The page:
Customer feedback through measures of expectations and satisfaction surveys is a start to building in-demand innovations. Yet, even more important to meeting customer needs is customer empathy. Empathy is defined by Dictionary.com as “the psychological identification with or vicarious experiencing of the feelings, thoughts, or attitudes of another.” So, empathy is deeper than just measuring expectations and satisfaction, and is vastly different than sympathy. Empathy means you are walking in the customer’s shoes. And if s/he steps on a sharp pebble, you will also feel that pain.
Using customer empathy as a means to identify customer needs is the key to creating disruptive innovations. We have to not only observe, but live, the customer experience from the point of deciding to make a purchase, researching options, selecting a specific product, paying for it, receiving it, installing it, using it, and discarding or recycling it at the end of the product life. If any step along the customer’s journey results in a negative feeling or emotion, the NPD team has an opportunity to innovate.
For example, cars used to have cigarette lighters. (I remember my older, middle sister burning her finger on a cigarette lighter in my parents’ car. She didn’t believe that once it turned red that it was actually hot. But, that’s another story…) In recent years, we have used USB adapters to plug into the cigarette lighter to charge phones, GPS, and other electronic devices. Automobile manufacturers recognized this pain point (a literal one for my sister) and have now installed multiple USB ports instead. Some new models include cordless phone charging as an added convenience.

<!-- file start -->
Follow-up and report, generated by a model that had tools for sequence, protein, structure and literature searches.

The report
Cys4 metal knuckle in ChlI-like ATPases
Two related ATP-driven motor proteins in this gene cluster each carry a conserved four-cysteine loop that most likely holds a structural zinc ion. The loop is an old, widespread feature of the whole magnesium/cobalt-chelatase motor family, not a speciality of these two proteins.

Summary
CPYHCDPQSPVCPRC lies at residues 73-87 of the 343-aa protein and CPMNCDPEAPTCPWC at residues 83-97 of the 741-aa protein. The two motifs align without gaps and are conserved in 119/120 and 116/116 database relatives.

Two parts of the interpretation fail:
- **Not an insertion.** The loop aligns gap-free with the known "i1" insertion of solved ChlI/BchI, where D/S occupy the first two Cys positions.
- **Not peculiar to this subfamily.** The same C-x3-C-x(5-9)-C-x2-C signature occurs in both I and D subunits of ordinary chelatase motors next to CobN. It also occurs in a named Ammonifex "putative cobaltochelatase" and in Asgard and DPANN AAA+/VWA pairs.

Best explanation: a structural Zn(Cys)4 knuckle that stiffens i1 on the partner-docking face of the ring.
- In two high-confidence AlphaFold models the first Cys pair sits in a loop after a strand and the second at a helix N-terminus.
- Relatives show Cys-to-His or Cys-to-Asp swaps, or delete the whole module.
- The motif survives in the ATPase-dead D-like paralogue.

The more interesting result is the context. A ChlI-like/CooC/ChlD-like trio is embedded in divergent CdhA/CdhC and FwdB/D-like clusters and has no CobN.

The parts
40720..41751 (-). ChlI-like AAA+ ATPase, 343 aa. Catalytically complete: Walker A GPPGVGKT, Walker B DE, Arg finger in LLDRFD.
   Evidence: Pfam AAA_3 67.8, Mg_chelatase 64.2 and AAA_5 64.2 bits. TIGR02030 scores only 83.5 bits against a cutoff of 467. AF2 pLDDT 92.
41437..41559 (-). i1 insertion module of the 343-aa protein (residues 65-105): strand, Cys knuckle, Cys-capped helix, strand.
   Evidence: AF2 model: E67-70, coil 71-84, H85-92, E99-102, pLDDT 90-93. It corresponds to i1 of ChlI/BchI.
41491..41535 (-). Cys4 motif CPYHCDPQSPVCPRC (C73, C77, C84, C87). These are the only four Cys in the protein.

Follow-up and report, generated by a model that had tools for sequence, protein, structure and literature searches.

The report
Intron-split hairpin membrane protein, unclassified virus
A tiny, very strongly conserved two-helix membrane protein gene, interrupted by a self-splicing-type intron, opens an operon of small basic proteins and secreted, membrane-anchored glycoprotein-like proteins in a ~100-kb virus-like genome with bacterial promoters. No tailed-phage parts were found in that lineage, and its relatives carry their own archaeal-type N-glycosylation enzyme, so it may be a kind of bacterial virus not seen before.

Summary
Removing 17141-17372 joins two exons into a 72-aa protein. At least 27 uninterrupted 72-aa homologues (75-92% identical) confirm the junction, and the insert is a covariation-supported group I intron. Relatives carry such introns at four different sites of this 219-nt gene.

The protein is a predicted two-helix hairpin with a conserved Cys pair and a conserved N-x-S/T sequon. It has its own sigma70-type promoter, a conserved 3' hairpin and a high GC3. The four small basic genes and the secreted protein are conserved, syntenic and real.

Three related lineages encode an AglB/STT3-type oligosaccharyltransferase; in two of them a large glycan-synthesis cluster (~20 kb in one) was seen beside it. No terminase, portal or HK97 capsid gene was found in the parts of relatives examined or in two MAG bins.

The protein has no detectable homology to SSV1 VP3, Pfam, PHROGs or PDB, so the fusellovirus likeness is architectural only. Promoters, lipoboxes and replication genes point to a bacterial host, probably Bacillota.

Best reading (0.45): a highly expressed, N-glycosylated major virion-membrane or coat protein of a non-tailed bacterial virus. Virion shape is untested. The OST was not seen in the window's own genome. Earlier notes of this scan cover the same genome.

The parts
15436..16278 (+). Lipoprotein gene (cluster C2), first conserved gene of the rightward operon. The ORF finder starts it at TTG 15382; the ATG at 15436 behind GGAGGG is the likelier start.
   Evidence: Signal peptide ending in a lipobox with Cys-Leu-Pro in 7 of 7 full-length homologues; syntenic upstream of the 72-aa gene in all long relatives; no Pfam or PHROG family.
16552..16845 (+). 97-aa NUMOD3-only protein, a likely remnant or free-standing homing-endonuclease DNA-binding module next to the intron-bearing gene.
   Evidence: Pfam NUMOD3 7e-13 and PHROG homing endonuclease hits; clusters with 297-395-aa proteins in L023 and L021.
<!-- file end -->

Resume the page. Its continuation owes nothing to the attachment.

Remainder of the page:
Thus, design thinking uses customer empathy to identify the areas for improvement in a customer’s use journey with a product or service. We use rapid prototyping to test various solutions and we aren’t afraid to test the bounds of creativity. It is only with creative and collaborative approaches to problem-solving that we can identify disruptive innovations.
Using Design Thinking to Identify Disruptive Innovations
Normally, we have only been able to identify disruptive innovations after-the-fact. Isolated corporate R&D teams often conflate sustaining innovations – added features and incremental performance improvements – with disruptive innovation. Disruptive innovations do not always involve new technologies or enhanced feature sets. Instead, disruptive innovations create novel business models to address deep customer needs throughout their journey and experience with the product or service.
Design thinking tools offer a way to identify these deep customer needs and to develop the most appropriate solutions to customer problems. Through empathetic, people-centered observations, NPD teams can creatively and collaboratively identify new business models that bring joy and delight to customers’ lives through product or service delivery.
Design thinking builds on collaborative brainstorming. We are starting a new Innovation Master Mind group in December (meeting online) where we will practice design thinking and other innovation best practices to help you take your NPD program to the next level. We also invite you to learn more about new product development and innovation in an upcoming New Product Development Professional (NPDP) certification workshop. Check out our full class schedule at Simple-PDH.com. For more information, feel free to contact me at email@example.com or 281-280-8717.
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Your Strategic Innovation Partner